Packer and Docker Together At Last
Using Packer, we can improve how we configure and deploy code to our Nginx Docker image from my previous blog post. In this post, we allowed the Nginx container access to the files it must serve via a shared folder between the container and the host system. In a perfect world, the image that we run as a container will encompass all of the dependencies necessary to allow that application to run. This of course should include the application code being served, and as an added bonus of packaging the code with the image, each image iteration becomes a release of the software being served. Rollbacks become dead simple, since if we want to run an old version of the code base we simply replace the currently running container with another based on an older image. The code is contained within the image itself, so whenever we export that image, or host it up on a Docker index, the code goes along with it. Though moving the code into the image itself could have easily been done with a Dockerfile, I am going to show you how using Packer, I can take the same application and deploy it two ways: in a Vagrant box and in a Docker container with the ability for more deployment platforms only a couple of lines of code away.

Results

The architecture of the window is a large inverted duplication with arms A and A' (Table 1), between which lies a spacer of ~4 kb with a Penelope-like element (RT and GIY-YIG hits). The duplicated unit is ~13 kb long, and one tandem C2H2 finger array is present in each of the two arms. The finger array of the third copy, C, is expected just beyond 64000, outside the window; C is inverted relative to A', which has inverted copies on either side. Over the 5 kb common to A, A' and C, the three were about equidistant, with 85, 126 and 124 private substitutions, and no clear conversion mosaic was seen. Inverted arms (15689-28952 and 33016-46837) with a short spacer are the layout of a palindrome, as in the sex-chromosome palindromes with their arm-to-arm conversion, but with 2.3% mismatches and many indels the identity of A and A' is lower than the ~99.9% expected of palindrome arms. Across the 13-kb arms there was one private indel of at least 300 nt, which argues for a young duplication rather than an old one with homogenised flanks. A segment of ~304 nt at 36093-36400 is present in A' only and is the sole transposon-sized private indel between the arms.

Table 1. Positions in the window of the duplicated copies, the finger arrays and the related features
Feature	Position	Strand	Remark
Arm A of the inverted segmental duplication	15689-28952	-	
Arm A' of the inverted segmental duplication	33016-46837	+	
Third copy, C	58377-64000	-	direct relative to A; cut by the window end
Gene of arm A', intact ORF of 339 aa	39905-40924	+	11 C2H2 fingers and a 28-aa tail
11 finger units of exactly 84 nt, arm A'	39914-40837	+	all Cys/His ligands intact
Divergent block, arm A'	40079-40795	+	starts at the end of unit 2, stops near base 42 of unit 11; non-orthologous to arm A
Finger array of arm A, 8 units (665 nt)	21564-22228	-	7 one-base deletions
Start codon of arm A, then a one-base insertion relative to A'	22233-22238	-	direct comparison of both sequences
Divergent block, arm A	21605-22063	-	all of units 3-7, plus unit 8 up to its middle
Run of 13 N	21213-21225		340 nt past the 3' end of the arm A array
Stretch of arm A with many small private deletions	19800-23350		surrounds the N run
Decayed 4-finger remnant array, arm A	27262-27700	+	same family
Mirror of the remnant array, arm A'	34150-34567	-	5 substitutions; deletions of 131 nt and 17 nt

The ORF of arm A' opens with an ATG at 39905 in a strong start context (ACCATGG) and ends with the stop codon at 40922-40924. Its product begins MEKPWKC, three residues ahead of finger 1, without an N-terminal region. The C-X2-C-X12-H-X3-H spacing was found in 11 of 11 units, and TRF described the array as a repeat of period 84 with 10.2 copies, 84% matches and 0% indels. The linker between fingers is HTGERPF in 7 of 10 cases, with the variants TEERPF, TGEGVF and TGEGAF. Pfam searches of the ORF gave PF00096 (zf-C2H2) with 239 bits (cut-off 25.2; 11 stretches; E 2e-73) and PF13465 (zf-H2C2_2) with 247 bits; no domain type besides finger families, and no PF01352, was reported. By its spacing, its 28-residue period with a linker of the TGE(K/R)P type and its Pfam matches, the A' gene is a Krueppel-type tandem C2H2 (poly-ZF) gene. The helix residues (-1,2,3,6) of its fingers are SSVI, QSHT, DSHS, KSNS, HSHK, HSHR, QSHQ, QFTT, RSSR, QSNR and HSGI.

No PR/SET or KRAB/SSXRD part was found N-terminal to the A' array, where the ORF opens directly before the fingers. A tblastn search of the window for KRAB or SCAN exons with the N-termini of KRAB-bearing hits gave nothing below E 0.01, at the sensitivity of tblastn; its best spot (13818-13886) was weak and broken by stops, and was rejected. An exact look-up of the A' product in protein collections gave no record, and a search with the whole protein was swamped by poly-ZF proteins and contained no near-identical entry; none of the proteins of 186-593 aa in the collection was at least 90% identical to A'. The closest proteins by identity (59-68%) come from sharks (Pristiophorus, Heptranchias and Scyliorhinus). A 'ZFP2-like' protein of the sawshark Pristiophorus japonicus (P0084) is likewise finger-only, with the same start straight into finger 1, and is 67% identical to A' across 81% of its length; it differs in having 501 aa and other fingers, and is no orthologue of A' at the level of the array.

We will start with the Docker container, and you’ll be amazed at how easy it is.
This is the Packer template for a Docker image that will run this very website that you are now browsing:
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A Packer template is quite a simple JSON document with this particular document having two sections: builders and provisioners. The builders section describes the output of the Packer build, and the provisioners provide the code necessary for the build itself. In the template above the simplest provisioner, which simply runs a set of shell commands, is used in very much the same way as a Dockerfile’s